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Human Resources Management and the Law

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The field of human resources management is greatly influenced and shaped by the state and federal laws governing employment issues. Indeed, regulations and laws govern all aspects of human resource management—recruitment, placement, development, and compensation.

One of the most important pieces of HRM legislation, which affects all of the functional areas, is Title VII of the Civil Rights Act of 1964 and subsequent amendments, including the Civil Rights Act of 1991. These acts made illegal the discrimination against employees or potential recruits for reasons of race, color, religion, sex, and national origin. It forces employers to follow—and often document—fairness practices related to hiring, training, pay, benefits, and virtually all other activities and responsibilities related to HRM. The 1964 act established the Equal Employment Opportunity Commission to enforce the act, and provides for civil penalties in the event of discrimination. The net result of the all-encompassing civil rights acts is that businesses must carefully design and document numerous procedures to ensure compliance, or face potentially significant penalties. Another important piece of legislation that complements the civil rights laws discussed above is the Equal Pay Act of 1963. This act forbids wage or salary discrimination based on sex, and mandates equal pay for equal work with few exceptions. Subsequent court rulings augmented the act by promoting the concept of comparable worth, or equal pay for unequal jobs of equal value or worth.

Other important laws that govern significant aspects of labor relations and human resource management include the following:

  • Davis-Bacon Act of 1931—This law requires the payment of minimum wages to nonfederal employees.
  • The Norris-Laguardia Act of 1932—This law protects the rights of unions to organize, and prohibits employers from forcing job applicants to promise not to join a union in exchange for employment.
  • The Wagner Act of 1935—This law, also known as the National Labor Relations Act, is the main piece of legislation governing union/management relations, and is a chief source of regulation for HRM departments.
  • Social Security Act of 1935—This law was enacted in order to protect the general welfare by establishing a variety of systems to assist the aging, the disabled, and children.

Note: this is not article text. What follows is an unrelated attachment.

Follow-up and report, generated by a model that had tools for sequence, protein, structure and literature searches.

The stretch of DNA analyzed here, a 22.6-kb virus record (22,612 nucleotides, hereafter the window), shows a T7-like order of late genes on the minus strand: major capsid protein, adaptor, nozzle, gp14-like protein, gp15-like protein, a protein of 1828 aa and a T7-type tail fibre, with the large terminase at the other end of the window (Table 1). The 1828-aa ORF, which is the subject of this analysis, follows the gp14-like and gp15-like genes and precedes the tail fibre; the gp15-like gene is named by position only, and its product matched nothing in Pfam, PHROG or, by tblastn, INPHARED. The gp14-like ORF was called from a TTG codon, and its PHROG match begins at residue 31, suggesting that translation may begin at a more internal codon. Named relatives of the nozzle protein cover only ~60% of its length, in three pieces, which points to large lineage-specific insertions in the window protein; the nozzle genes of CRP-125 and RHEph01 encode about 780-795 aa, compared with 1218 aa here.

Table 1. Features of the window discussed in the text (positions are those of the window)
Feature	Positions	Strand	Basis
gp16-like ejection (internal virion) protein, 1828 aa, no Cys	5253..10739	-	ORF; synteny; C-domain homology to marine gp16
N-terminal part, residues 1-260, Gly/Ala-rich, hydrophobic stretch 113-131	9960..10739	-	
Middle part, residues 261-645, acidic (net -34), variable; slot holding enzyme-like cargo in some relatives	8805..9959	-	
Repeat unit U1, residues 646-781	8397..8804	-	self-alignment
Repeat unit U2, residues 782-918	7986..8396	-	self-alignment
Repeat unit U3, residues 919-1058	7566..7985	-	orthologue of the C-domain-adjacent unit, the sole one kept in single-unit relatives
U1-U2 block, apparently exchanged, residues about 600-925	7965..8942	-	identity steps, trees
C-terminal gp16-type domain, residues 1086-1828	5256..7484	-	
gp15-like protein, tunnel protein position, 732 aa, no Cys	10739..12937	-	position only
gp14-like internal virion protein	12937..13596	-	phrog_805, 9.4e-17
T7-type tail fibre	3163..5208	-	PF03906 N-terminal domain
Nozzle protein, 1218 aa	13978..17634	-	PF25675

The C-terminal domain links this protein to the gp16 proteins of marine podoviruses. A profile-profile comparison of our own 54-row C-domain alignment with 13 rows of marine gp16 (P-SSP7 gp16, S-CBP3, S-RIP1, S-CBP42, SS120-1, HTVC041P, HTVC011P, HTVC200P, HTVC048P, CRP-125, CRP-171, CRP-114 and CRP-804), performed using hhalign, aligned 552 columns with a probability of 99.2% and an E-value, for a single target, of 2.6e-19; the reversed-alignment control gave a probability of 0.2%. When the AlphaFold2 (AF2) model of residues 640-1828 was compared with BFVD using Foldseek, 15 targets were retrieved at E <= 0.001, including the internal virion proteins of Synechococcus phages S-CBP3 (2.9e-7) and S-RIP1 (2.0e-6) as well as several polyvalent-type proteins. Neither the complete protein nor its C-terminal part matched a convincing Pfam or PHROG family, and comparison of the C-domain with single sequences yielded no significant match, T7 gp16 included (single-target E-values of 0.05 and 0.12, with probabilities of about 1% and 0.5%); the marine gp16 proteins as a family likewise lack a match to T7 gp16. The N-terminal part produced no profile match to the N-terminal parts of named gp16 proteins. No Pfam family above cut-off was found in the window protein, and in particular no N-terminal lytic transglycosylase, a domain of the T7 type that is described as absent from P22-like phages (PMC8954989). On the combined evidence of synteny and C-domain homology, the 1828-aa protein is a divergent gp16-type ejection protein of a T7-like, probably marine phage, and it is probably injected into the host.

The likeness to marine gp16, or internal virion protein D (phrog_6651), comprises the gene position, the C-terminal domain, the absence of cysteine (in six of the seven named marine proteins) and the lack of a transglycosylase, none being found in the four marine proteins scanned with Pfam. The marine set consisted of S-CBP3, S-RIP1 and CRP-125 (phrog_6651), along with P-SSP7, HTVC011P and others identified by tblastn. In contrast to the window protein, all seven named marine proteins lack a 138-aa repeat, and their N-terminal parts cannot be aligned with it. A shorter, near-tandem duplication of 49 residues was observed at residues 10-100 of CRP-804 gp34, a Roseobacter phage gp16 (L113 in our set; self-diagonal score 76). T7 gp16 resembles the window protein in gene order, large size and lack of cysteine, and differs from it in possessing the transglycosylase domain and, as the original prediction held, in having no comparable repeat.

• The Walsh-Healy Public Contracts Act of 1936—This law was designed to ensure that employees working as contractors for the federal government would be compensated fairly.
  • Fair Labor Standards Act of 1938—this important law mandated employer compliance with restrictions related to minimum wages, overtime provisions, child labor, and workplace safety.
  • Taft-Hartley Act of 1947—This law created provisions that severely restrict the activities and power of labor unions in the United States.
  • Landrum-Griffin Act of 1959—Also known as the Labor-Management Reporting and Disclosure Act (LMRDA), the Landrum-Griffin Act deals primarily with the relationship between a union and its members. This law grants certain rights to union members and protects their interests by promoting democratic procedures within labor organizations.
  • Age Discrimination in Employment Act of 1967—This legislation, which was strengthened by amendments in the early 1990s, essentially protects workers 40 years of age and older from discrimination.
  • Occupational Safety and Health Act of 1970—This act, which established the Occupational Safety and Health Administration, was designed to force employers to provide safe and healthy work environments and to make organizations liable for workers' safety. Today, thousands of regulations, backed by civil and criminal penalties, have been implemented in various industries to help ensure that employees are not subjected to unnecessarily hazardous working conditions.
  • Family and Medical Leave Act of 1993—This law was passed to provide employees who qualify with up to 12 work weeks of unpaid, job-protected leave in a 12-month period for specified family and medical reasons. It also requires group health benefits to be maintained during the leave as if employees continued to work instead of taking leave. The Act became effective on August 5, 1993 and applies to companies who employ 50 or more people.

The network of state and federal laws that exist to regulate employment and labor relations is extensive. In many cases, rules only apply to firms with a specified minimum number of employees and thus do not regulate small companies. But, other regulations apply to all employee/employer relationships, regardless of enterprise size. So, companies of all sizes must make an effort to stay abreast of legislative and regulatory developments in this area. Trade associations are a good source of news on new regulations as is the Society of Human Resource Managers (SHRM). The SHRM tracks developments at the state and federal level regarding human resource matters and makes much of this available on its Web site, located at http://www.shrm.org/.

BIBLIOGRAPHY

Armstrong, Michael. Handbook of Human Resource Management Practice. Kogan Page, 1999.

Mathis, Robert L., and John H. Jackson. Human Resource Management. Thomson South-Western, 2005.

Rossiter, Jill A. Human Resources: Mastering Your Small Business. Upstart Publishing, 1996.

Society of Human Resource Managers. "Federal Government Information." Available from http://www.shrm.org/issues/ps/federal.asp Retrieved on 22 March 2006.

U.S. Small Business Administration. Roberts, Gary, Gary Seldon, and Carlotta Roberts. "Human Resources Management." n.d..

U.S. Social Security Administration. "Legislative History." Available from http://www.ssa.gov/history/35actinx.html Retrieved on 15 March 2006.





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